Soon after returning from this pilgrimage, Muhammad fell ill. He was nursed in the apartment of his wife Aisha, the daughter of Abu Bakr.

The Shī‘ah claim that most of the prominent men among the Muslims, expecting Muhammad's death and an ensuing struggle for power, disobeyed his orders to join a military expedition bound for Syria. They stayed in Madīnah, waiting for Muhammad's death and their chance to seize power.

According to Ibn ‘Abbās (cousin of Muhammad), the dying Muhammad said that he wished to write a letter — or wished to have a letter written — detailing his wishes for his community. According to Sahih Muslim Ibn ‘Abbās narrated that:

When Allah's Messenger was about to leave this world, there were persons (around him) in his house, 'Umar b. al-Kbattab being one of them. Allah's Apostle said: Come, I may write for you a document; you would not go astray after that. Thereupon Umar said: Verily Allah's Messenger is deeply afflicted with pain. You have the Qur'an with you. The Book of Allah is sufficient for us. Those who were present in the house differed. Some of them said: Bring him (the writing material) so that Allah's Messenger may write a document for you and you would never go astray after him And some among them said what 'Umar had (already) said. When they indulged in nonsense and began to dispute in the presence of Allah's Messenger, he said: Get up (and go away) 'Ubaidullah said: Ibn ‘Abbās used to say: There was a heavy loss, indeed a heavy loss, that, due to their dispute and noise. Allah's Messenger could not write (or dictate) the document for them.Sahih Muslim 13:4016

When Muhammad died, Umar denied his death stating rather that he would return back, and threatening to behead anyone who accede to his death. Abu Bakr, upon his returned to Madīnah, spoke to Umar and only then Umar did admit that Muhammad had died, this all was perceived by the Shiite as a ploy on Umar's part to delay the funeral and thus give Abu Bakr (who was outside the city) time to return to Madīnah.

The events at Saqīfah

When Muhammad died, his closest relatives, ‘Alī and Fātimah, took charge of the body. While they were engaged in washing the body and preparing it for burial, a secret meeting, of which Ali and the Muhajirun weren't told, was taking place at Saqifah, which ended with Abu Bakr being chosen as the new leader.

Shī‘at of ‘Alī

Just as ‘Alī had refused to give his allegiance (bay'ah) to Abu Bakr, many of the Muslims of Madīnah had also refused, thus they were known as: "Shī‘at ‘Alī" (the "Party of ‘Alī"). It took six months of threat and pressure to force the refusers to submit to Abu Bakr[28]. However, upon his refusal to give allegiance, ‘Alī had his house surrounded by an armed force led by Abu Bakr and Umar[29].

"In Madinah, Umar took charge of securing the pledge of allegiance of all residents. He dominated the streets with the help first of the Aslam and then the Abd Al-Ashhal of Aws, who in contrast to the majority of Khazraj, quickly became vigorous champions of the new regime. The sources mention the actual use of force only with respect to Companion Al-Zubayr who had been together with some others of the Muhajirun in the house of Fatima. Supposedly, Umar threatened to set the house on fire unless they came out and swore allegiance to Abu Bakr"[30].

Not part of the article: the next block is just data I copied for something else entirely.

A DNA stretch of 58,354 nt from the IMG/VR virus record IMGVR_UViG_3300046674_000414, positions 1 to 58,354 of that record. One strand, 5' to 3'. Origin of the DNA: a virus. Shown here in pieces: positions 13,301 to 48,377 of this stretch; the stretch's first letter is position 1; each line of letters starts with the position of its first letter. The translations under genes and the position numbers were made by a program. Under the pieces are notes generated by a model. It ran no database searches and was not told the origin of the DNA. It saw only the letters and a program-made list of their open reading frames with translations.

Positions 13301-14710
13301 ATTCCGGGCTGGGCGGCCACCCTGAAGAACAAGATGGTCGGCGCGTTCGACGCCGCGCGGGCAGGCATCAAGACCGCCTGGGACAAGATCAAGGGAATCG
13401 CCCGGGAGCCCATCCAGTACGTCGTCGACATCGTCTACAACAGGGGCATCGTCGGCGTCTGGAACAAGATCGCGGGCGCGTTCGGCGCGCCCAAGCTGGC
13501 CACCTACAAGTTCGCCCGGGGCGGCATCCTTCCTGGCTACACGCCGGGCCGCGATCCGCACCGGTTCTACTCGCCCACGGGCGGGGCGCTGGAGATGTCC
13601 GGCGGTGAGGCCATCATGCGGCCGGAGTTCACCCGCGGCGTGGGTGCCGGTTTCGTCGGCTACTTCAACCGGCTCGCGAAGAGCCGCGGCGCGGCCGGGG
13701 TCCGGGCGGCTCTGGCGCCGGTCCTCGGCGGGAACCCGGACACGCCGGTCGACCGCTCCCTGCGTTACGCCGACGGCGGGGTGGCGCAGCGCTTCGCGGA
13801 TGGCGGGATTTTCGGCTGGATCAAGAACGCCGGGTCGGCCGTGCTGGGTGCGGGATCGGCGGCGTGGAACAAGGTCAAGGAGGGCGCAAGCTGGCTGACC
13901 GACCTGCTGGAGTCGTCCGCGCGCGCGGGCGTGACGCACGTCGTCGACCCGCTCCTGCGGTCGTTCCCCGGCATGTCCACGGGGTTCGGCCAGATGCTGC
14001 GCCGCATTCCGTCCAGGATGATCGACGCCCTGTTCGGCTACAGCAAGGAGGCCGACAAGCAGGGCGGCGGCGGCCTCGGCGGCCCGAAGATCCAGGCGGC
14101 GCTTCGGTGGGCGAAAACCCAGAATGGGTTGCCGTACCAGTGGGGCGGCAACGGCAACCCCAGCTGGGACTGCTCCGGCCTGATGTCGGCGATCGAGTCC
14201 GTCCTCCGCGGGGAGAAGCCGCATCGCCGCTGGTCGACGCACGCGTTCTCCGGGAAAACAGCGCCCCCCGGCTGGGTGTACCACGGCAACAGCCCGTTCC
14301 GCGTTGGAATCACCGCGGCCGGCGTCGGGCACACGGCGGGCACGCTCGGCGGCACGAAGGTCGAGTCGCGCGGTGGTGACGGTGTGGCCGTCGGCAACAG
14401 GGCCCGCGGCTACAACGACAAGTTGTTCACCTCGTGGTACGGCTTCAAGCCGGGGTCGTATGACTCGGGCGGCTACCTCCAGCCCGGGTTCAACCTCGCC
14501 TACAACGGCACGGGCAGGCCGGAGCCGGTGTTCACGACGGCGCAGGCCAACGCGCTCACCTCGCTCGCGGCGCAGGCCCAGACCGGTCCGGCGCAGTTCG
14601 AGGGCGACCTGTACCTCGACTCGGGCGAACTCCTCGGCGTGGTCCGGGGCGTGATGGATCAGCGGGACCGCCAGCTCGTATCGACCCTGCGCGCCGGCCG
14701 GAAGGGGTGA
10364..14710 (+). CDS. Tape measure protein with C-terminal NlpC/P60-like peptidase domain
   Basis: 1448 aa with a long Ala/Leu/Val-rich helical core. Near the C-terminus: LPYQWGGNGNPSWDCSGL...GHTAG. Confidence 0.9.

Umar pushed his way into the house; Fātimah, who was pregnant, was crushed behind the door. She miscarried her unborn son, whom the Shī‘ah mourn as Al Muhsin. She had been injured by Umar and soon died. ‘Alī buried her at night, secretly, as he did not wish Abu Bakr or Umar, whom he blamed for her death, to attend her funeral. The Shī‘ah thus blame Abu Bakr and Umar for the death of Muhammad's daughter and grandson. Shi'ite Encyclopedia, Chapter 4[31]

‘Alī submits for the sake of his followers

Some Shī‘ah believe that ‘Alī took pity upon the sufferings of his devoted followers and gave his submission, his bay'ah, to Abu Bakr,only after Fātimah, ‘Alī's wife and daughter of Muhammad who was angry with Abu Bakr [32] when he refused to give her right to inheritance of garden of Fadak. It may be because of the sake of unity that he might have helped them in matters of jurisprudence and administration but could never admit his obedience to them.

Other Shī‘ah say that ‘Alī did not give his allegiance, but only refrained from pressing his claims. Whatever happened, superficial unity was restored.

Western academic views

Many contemporary scholars who have sifted through the early Muslim historical writings are proposing narratives that are closer to the received versions. In most cases, this has meant a swing back towards the Sunni version of events. However, one recent publication, The Succession to Muhammad by Wilferd Madelung, Laudian Professor of Arabic at Oxford, examines the course of events from 632, and the death of Muhammad, through the rise of the Umayyads — and rehabilitates some of the Shi'a narratives. On the right of Muhammad's household to succeed him, for instance, Madelung observes that: